Wednesday, September 04, 2013

What parliaments are there for, cont'd

Mark Reynolds draws my attention to the argument of Ottawa international affairs commentator Philippe Lagassé that the British parliament's rejection of the cabinet's plan to make war on Syria is actually a threat to parliamentary democracy, not the affirmation of it that I was saluting yesterday. Lagassé's argument is here and worth reading, but this is the gist of it:
In simple terms, I’m worried that they’re granting the House of Commons control over executive functions and Crown powers without MPs having to take responsibility for their actions, namely by making a government fall and replacing it with a ministry that can command the support of the House. If the Commons can veto a number executive powers and decisions without withdrawing confidence in the government, I’m concerned that they’re allowing to House to dictate executive decisions without forcing MPs to accept a equal degree of consequence for their choices. In effect, I wonder if the UK is embracing too much check and not enough balance.
 Y'know, I mostly agree with Lagassé on the principles. Ultimately the responsibility of the House is to sustain or throw out governments, not to manipulate policy details and leave the cabinet to carry them out.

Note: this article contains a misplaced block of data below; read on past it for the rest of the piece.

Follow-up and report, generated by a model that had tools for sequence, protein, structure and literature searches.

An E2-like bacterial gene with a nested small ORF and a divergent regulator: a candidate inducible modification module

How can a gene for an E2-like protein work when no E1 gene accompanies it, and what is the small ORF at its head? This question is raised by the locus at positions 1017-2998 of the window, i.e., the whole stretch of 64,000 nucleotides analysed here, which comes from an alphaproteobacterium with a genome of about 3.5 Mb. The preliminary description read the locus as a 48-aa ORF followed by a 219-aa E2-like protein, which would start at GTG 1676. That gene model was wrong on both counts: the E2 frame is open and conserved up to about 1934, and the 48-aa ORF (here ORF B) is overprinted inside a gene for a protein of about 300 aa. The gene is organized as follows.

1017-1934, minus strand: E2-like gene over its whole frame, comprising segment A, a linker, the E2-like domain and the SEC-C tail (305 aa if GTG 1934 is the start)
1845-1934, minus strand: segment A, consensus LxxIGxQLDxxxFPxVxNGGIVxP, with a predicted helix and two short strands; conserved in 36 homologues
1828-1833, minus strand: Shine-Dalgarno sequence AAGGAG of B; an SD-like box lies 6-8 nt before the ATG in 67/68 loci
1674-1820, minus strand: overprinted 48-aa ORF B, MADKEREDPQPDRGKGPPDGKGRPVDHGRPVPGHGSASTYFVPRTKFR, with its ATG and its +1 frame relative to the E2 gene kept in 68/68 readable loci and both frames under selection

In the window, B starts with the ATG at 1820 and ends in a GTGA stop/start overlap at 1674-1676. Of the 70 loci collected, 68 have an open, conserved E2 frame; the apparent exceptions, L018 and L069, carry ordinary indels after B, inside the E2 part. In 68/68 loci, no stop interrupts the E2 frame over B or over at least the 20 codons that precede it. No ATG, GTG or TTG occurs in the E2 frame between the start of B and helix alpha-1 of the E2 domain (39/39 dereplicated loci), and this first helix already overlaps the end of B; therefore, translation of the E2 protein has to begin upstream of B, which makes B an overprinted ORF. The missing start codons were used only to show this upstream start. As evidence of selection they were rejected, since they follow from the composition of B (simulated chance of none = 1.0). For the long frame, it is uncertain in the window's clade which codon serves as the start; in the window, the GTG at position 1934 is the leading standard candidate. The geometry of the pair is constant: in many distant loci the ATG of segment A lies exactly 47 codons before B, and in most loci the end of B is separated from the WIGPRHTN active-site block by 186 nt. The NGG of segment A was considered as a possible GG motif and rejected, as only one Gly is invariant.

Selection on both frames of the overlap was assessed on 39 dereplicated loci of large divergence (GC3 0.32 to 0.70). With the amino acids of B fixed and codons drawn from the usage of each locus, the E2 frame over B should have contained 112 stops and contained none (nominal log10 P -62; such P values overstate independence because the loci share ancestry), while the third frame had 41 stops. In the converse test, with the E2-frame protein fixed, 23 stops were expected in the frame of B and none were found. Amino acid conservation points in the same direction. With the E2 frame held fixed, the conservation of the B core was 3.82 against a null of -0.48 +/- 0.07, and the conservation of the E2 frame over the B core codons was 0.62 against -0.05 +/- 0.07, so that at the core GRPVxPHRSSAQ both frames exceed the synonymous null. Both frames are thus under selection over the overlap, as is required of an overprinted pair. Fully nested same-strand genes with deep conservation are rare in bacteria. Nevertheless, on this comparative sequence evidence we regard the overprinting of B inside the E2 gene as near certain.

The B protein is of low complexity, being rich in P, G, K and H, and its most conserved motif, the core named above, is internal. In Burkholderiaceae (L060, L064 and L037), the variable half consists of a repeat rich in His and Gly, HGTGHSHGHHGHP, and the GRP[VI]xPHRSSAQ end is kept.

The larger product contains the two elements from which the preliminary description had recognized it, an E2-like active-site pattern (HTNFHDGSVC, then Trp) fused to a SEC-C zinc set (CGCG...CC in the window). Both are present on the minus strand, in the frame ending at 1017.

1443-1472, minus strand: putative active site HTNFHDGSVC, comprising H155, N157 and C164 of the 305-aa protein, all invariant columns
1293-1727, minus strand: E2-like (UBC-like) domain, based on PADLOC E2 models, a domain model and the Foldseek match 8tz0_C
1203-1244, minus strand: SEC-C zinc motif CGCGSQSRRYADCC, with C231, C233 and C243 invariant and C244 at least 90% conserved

A cabinet does have executive responsibilities. The Cameron government might still assert crown prerogative to pursue a war policy in Syria -- thereby putting itself in conflict with the House and probably the public too. And the House would have to either knuckle under or defeat the government.

But there has to be a tension between the government and the house. On matters as momentous as war, a government needs to be able to test Parliament's temper short of triggering a confidence vote. So Cameron asked the House its opinion, got an answer he did not want -- and decided not to pursue that fight any further.  The British house, as I see it, was not usurping the executive role, merely warning the executive it did not like the government's plan, and that if it was pursued there might be consequences up to and including a confidence vote.

"Crown prerogative" is not a blank cheque; the crown has as much prerogative as the house is willing to allow to it. Our Canadian problem is that our docile-to-the-point-of irrelevance caucuses mean the house will grant the leadership ANYTHING. As we just saw in Britain, that isn't the case in real parliaments.

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